Fundamental Parameters Ant

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antenna parameters basic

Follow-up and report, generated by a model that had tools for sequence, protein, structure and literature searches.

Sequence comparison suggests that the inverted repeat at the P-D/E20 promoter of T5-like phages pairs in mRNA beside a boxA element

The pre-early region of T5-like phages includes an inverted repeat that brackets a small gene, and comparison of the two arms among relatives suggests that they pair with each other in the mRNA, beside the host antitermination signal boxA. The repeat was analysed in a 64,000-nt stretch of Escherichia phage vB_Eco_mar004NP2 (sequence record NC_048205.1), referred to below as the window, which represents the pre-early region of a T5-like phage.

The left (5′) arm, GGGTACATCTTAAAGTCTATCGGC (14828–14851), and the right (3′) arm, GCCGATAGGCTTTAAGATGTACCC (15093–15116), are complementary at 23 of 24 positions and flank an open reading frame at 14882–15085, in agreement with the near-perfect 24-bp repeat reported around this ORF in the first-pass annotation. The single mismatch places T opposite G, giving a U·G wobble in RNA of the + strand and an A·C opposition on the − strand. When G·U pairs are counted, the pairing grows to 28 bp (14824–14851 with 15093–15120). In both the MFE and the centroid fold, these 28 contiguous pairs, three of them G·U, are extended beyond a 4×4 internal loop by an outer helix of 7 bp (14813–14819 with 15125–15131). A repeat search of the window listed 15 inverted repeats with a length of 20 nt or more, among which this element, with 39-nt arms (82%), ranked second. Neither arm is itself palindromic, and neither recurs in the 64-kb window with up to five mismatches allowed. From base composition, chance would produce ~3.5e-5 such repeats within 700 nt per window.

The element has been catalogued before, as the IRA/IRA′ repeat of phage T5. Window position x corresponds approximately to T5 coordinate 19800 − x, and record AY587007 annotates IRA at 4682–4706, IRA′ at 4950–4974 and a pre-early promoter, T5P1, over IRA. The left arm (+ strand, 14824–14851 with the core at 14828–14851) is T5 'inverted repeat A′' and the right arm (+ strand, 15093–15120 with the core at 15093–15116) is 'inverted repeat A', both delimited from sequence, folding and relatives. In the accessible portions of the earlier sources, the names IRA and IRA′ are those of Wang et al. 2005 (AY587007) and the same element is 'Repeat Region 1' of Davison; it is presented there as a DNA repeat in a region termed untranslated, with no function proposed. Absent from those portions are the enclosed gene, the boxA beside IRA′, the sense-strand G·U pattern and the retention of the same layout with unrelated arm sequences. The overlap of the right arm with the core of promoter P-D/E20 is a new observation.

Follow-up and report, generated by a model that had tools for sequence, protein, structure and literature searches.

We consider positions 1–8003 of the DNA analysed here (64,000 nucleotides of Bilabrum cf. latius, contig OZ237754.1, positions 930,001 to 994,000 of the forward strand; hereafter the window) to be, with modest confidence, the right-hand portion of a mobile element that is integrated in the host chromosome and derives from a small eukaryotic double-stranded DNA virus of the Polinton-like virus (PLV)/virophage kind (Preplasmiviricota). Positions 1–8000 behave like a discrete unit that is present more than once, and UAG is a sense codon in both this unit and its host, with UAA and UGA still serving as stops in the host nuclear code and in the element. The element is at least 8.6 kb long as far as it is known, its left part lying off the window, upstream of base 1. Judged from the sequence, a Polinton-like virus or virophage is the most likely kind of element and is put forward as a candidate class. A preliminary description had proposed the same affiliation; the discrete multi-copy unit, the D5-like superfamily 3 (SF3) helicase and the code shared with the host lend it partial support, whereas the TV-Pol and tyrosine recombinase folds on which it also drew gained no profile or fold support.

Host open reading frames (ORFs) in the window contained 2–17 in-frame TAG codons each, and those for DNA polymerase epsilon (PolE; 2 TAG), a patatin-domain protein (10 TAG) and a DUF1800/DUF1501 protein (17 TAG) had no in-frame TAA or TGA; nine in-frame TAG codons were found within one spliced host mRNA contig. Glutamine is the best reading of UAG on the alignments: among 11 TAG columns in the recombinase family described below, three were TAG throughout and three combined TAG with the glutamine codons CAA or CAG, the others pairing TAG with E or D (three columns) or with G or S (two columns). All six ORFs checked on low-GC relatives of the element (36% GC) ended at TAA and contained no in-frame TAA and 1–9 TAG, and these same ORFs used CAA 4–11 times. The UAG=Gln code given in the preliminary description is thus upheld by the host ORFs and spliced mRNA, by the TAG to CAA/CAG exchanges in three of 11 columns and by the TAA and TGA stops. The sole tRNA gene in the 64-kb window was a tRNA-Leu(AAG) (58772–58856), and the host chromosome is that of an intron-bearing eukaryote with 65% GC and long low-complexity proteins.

1 Chapter  1 Fundamental Parameters 1.1 Overview Communication satellite systems depend significantly on both space segment and user segment antenna designs. Space segment antennas must meet their performance requirements over their specified cover-age areas with allowance for satellite attitude variations. User segment antennas likewise must meet their performance requirements while tracking the satellite in orbit. Antenna requirements depend on specific program needs, and a significant diversity of technology has been devel-oped to accommodate the diverse objectives of individual programs. As a result, space segment antennas are the most diverse technology in the space segment, and specific designs for one application cannot be applied to other applications. User segment antenna hardware like-wise exhibits a wide variety of antenna hardware ranging from small handheld technologies to much larger ground terminal antennas, which are often associated in the public’s mind with communication satellite antenna systems. A review of the system parameters used to quantify antenna performance is presented as a basis for subsequent chapters. 1.2 Antenna Parameters  Antenna parameters must describe both the spatial characteristics and terminal interfaces with system electronics. The spatial characteristics specify the two-dimensional description of the antenna’s sensitivity varia-tions in a coordinate system embedded in the antenna. These spatial char-acteristics must also indicate the antenna’s polarization properties that define the orientation of the electric field during one RF (radio frequency) cycle. The antenna’s terminal impedance quantifies the interface relations 1  2 Chapter One with system electronics. Satellite system antennas are commonly in the class of aperture antennas. The relationship between the aperture size and spatial characteristics is a most important issue in system sizing. This relationship dictates the antenna’s gain levels and beamwidth require-ments. Perhaps the most commonly asked question regarding antennas is the size required to meet system requirements. This question is typically followed by a request to explain why the size must be that large. Noise in receiving systems is an important system parameter and is characterized by the antenna noise temperature at the antenna’s terminal. The antenna noise temperature added to the receiver noise temperature equals the total system noise temperature, an important factor in the performance of receiving antennas. 1.2.1 Spatial Characteristics The spatial characteristics describe the spatial variation of the anten-na’s sensitivity. They also describe the vector nature of the antenna’s field distribution in a coordinate system referenced to the antenna’s structure. Commonly, satellite systems use aperture antennas that have a distribution of fields in the aperture and a corresponding distribu-tion of fields in space. The coordinate system used for this specification generally places the aperture plane with the XY plane as indicated in Fig. 1-1. At a sufficient distance from the aperture (referred to as the antenna’s far field), the variation of the fields becomes invariant with the range from the antenna’s aperture. The electric field quantities,  E q   and  E j  , are orthogonal to one another as specified and vary with sepa-ration R from the aperture as 1/R. The power density in the far field is proportional to (|  E q  | 2   +  |  E j  | 2 )/   Z o , where  Z o  equals 120 p   and is the free space impedance. Figure 1-1 Coordinate system for aperture antennas yE θ E ϕ ϕ xz θ  Fundamental Parameters 3 The relationship between the fields in an antenna’s aperture to the spatial distribution is the radiation integral [1]   g ( k  x , k  y ) =   ∫∫     F  (  x ,  y ) exp(  j  ( k  x  x   +   k  y  y ) dx dywhere  g ( k  x , k  y ) is the pattern (voltage),  F  (  x ,  y ) is the field distribution in the aperture having coordinates  x  and  y , the integration limits are the physical extent of the aperture, and  k  x   =   k  sin q   cos j    k  y   =   k  sin q   sin j  where k  is the free space wavenumber equal to 2 p   /  l  , l   is the wavelength equal to c  /   f   where c  is the speed of light, and  f   is the RF frequency. The aperture fields are vector functions representing the polarization prop-erties of the aperture fields. The variation of the antenna’s sensitivity with direction is referred to as its pattern, and  g ( k  x , k  y ) is proportional to the electric field variation. This relation assumes the spatial fields are sufficiently separated from the aperture that the fields are indepen-dent of the range, a condition referred to as the far field. Commonly, the required far field separation for aperture antennas is taken as 2  D 2  /  l  , where  D  is the aperture width. It should also be noted that antennas generally satisfy reciprocity relations so that at the same frequency, the characteristics are identical independent of whether the antenna is transmitting or receiving. The exception is when the antenna incor-porates nonreciprocal devices such as active amplifiers.The relation between the aperture fields and the far field pattern is a two-dimensional Fourier transform. Similarly, the aperture field is the inverse two-dimensional Fourier transform of the far field pattern. The antenna size is thus related to the beamwidth in the far field, and likewise the beamwidth in the far field is related to the antenna size through the transform. The familiar properties of Fourier transforms are inherent in antenna design. If the aperture fields have an amplitude taper, the far field beamwidth broadens and the sidelobes surrounding the main beam are reduced. If the aperture fields are in phase over the extent of the aperture, the beam maximum is normal to the aperture plane. If the aperture fields have a linear phase gradient over the extent of the aperture, the beam maximum is normal to the phase gradient, a consequence of the familiar shifting theorem of Fourier transforms.  Antenna gain  measures the antenna’s ability to transfer or receive signals in a particular direction. It is referenced to an idealized loss-less antenna having uniform sensitivity in all directions. In a sense, this reference for antenna gain follows the definition of electron-ics gain that is referenced to the transfer response of an idealized,  4 Chapter One lossless “straight wire.” The maximum value of antenna gain for aperture designs equals  G   =   h   (4 p   A/  l  2 )where h   is the antenna efficiency ( <  1), A is the physical area of the antenna’s aperture, and l   is again the free space wavenumber. Ideally, an antenna having 100% efficiency is lossless and has an aperture dis-tribution uniform in both amplitude and phase. Practically, this ideal antenna efficiency can only be approached, and the antenna efficiency of practical antenna designs falls short of the ideal value because of ohmic and impedance mismatch losses, the aperture amplitude and phase deviations from the ideal, and scattering and blockage from the antenna’s structure. In determining the required antenna size or aper-ture area, an estimated value of the antenna’s efficiency is required. The efficiency value depends on the specific antenna design. Another term defined for receiving antennas is effective aperture, which equals   A  e   =  ( l  2  /4 p  ) GThe received power equals the product of the incident power density and the effective aperture.The far field parameters implicitly assume the antenna responds to an incident plane wave or a wave that approximates a plane wave. The far field criteria 2  D 2  /  l   is derived based on the required range from the point of srcin of a spherical wave such that the phase deviation over a planar surface of dimension  D  has a maximum value of 22.5 ο  relative to an ideal in-phase plane wave.  Directivity  or directive gain  is another term that characterizes an antenna’s directional properties. Directivity is a function of the antenna pattern or the variation of the antenna’s sensitivity to different signal directions. Directivity differs from antenna gain because ohmic and mismatch losses are not included in directivity. Thus, antenna gain has a lower value than directivity. Directivity is defined by   D ( q  , j  ) =  4 p     P ( q  , j  )/  ∫∫  (  P ( q  , j  ) sin q    d q  d j  The integral in the denominator is total power radiated or received from all directions. The fields of an antenna are vector quantities and (as will be discussed) have a principal polarized component with the design polarization state and, unavoidably, a cross-polarized component that is orthogonal to the principal polarization. Directivity is generally computed with the power pattern in the numerator limited to principal polarized fields and the total power in the denominator comprised of